civil war

hours of darkness

There was scarcely a town of any size in Ireland that didn’t have a workhouse 150 years ago. Fine, well- constructed buildings. Many of them are standing to the present day, having been revamped and adapted to house various commercial enterprises.
I can never pass a workhouse without getting a strange, sad, cold feeling as I am reminded of their past and the terrible fate of their unfortunate inmates. The poor cottiers and small-holders, fathers, mothers and little children were starving when the potato famine hit in 1845-48 and rushed to the big work-house doors and felt lucky if they were admitted. It was just about the lesser of two evils, as the conditions obtaining inside were quite inhuman and they perished anyway.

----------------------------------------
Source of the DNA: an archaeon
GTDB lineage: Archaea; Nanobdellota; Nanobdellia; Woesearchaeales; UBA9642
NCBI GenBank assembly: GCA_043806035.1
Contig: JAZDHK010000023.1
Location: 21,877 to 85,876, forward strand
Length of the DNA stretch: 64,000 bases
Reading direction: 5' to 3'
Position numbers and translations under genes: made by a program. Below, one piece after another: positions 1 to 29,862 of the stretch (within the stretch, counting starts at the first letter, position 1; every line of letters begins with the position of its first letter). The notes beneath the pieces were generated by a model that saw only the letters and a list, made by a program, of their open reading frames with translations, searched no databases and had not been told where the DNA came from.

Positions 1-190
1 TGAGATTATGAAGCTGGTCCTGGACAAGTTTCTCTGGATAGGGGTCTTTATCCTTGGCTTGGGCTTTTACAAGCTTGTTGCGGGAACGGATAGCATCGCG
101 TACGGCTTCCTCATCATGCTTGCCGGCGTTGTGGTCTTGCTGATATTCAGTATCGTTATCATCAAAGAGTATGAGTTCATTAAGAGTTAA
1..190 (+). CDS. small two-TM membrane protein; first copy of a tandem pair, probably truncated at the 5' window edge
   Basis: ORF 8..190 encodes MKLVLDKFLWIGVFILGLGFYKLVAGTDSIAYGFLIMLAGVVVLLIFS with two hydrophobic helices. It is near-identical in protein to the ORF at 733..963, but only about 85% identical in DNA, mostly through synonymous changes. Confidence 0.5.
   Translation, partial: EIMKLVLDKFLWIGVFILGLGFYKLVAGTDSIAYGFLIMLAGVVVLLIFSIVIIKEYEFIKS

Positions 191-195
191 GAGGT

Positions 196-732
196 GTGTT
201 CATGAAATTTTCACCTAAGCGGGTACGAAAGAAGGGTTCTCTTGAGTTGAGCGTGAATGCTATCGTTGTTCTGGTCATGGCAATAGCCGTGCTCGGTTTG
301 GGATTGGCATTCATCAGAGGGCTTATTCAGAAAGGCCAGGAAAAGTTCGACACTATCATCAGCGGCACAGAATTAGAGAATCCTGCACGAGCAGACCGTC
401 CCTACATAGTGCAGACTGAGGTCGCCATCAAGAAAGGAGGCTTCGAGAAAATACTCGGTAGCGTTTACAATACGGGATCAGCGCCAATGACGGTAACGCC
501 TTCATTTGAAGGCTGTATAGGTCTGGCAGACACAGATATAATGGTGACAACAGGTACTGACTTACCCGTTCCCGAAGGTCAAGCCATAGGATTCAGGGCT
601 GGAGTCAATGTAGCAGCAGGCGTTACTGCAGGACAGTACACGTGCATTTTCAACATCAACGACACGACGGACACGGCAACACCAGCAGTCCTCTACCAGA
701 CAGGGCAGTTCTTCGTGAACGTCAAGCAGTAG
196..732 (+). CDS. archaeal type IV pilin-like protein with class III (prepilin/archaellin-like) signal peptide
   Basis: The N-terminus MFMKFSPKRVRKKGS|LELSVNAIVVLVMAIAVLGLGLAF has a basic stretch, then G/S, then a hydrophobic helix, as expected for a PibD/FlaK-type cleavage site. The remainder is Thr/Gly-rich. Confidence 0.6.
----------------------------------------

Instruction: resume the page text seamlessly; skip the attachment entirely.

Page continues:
Sufficient detail has been written about how the inmates were existing. It has been recorded that the Board of Guardians, in some cases, refused to fund the very essentials to even keep the poor, emaciated creatures alive. Each morning the poor, starved casualties were loaded up in the tipping horse-cart and dumped like dumb animals into long, communal pits – a nineteenth century Holocaust that evoked the humane responses of a tribe of American Indians and a Turkish leader who sent two ship loads of food and £1000. To her credit Queen Victoria sent £2000 – a pity she didn’t direct her Government to step in and increase Trevelyan’s corn sufficiently.

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